2. Authoritarian management; this combination scores high on the production level and the efficiency and scores low on the concern of the people. It is task-oriented and insists on the quality of the decision over the wishes of the middle-level managers and subordinates. At this level, the subordinates perform the assigned tasks and in some cases, they may be unable or unwilling to put extra effort as long as they achieve the set limits.
  3. Impoverished management. This method believes in laissez-faire since it does not give leadership in a positive sense.
  4. Middle of the road management; this combination scores the most moderate amounts of all the aspects of the organization i.e. its concern for both people and production is moderate. Those applying this method believe in compromise since the decisions are only taken when all the stakeholders in the organization endorse them. These managers and leaders may be dependable and supportive but may not be the best in times of innovation and change.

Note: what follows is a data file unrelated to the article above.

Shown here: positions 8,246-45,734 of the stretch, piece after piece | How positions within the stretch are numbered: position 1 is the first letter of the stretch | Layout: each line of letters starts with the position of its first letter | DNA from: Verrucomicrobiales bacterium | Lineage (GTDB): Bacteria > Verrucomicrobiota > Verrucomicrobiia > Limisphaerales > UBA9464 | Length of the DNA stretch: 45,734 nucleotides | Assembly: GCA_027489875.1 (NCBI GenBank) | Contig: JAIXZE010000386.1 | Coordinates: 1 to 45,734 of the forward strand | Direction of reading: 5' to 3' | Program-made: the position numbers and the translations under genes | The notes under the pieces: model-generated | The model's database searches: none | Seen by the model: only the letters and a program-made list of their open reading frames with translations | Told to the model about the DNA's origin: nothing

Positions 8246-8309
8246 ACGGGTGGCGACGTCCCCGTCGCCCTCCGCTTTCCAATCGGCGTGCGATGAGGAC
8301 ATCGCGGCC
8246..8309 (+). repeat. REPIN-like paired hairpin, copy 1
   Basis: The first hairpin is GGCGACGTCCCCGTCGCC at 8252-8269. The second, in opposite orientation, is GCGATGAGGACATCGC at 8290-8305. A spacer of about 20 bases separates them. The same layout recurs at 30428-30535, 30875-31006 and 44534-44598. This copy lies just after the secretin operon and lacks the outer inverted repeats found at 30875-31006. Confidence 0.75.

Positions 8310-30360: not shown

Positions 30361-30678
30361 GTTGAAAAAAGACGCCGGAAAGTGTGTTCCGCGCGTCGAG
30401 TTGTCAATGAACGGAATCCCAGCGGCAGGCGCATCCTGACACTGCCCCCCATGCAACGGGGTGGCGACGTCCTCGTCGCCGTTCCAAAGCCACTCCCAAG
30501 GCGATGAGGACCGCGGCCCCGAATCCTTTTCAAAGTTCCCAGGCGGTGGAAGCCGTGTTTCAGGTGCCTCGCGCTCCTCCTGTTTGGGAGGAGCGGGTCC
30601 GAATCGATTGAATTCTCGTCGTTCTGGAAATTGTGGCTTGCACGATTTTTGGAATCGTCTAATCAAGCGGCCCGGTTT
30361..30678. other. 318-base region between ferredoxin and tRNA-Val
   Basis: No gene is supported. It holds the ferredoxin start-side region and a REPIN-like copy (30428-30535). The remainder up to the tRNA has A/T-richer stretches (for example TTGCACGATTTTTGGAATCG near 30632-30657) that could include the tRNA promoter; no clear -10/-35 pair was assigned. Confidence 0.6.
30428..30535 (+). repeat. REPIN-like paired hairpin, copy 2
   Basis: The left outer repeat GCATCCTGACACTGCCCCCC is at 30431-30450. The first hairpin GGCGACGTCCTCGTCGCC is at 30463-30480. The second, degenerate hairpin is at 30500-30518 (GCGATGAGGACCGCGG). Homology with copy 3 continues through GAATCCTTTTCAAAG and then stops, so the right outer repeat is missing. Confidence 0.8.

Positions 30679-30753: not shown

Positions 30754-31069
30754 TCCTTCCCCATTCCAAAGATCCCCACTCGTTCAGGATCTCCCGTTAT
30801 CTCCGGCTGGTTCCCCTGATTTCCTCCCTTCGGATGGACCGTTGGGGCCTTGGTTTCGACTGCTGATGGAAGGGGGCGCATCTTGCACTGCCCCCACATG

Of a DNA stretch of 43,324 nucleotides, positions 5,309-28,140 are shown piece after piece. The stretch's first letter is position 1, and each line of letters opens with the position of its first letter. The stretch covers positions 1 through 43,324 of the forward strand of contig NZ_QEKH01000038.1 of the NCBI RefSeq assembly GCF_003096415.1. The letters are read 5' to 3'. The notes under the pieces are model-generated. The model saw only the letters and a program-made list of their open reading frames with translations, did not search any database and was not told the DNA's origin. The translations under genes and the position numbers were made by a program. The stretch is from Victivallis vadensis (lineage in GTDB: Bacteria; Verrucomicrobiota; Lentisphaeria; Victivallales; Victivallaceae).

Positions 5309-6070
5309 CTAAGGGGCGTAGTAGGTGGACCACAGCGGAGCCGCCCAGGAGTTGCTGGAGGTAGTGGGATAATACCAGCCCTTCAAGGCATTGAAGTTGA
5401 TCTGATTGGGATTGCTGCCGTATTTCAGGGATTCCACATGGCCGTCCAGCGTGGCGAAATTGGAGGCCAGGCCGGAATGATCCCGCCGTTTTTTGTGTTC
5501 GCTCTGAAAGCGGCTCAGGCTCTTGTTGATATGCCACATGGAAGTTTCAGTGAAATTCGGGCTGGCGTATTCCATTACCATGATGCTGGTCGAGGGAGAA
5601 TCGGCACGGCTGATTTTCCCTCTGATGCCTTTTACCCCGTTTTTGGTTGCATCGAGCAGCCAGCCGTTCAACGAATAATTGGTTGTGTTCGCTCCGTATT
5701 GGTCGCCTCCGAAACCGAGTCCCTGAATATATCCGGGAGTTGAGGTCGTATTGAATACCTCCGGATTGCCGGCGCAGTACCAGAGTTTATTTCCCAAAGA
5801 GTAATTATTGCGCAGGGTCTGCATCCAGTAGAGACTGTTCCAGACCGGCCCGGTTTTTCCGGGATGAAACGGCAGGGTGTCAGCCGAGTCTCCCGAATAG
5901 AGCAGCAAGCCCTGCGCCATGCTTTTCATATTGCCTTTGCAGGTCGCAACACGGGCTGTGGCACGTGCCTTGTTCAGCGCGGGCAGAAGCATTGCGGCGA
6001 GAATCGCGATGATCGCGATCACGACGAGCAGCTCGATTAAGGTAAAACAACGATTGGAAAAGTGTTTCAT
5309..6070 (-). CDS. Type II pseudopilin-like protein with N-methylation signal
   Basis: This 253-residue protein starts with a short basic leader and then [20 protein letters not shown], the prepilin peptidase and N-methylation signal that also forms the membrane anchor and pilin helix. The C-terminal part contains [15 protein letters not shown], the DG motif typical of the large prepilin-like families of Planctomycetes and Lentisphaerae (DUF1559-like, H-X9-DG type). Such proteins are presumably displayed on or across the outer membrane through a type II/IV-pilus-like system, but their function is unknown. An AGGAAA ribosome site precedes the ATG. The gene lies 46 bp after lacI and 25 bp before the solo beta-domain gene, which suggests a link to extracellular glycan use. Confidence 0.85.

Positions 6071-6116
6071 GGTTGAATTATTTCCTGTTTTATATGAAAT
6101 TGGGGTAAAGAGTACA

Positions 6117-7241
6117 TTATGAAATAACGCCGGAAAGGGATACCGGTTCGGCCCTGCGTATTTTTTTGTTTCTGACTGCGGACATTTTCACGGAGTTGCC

5. Team management; The managers believe that the combination of these concerns is the most compatible since they give satisfaction to the workforce as well as meet the production targets.

The strong and weak points of this theory are obvious.

Strengths:

  1. Managerial focus is shifted from the perspective of managerial and leadership style
  2. Few studies use this theory of the key model
  3. It strongly encourages managers and leaders to search for the balance between task and leadership orientation in their behavior.
  4. project managers have a better opportunity of focusing on the matters of human aspects of the management equation, thus aiming at identifying the ways, required to adapt the behavior by various resources and circumstances.

Weaknesses:

  1. The grid is aimed at defining the suitable managerial style for any situation, however, the real situations rarely suit this analysis
  2. The theory does not provide an adequate analysis of the link between behavior and performance
  3. The theory presupposes that team management is one of the most effective management styles. However, it is not suitable for most business situations.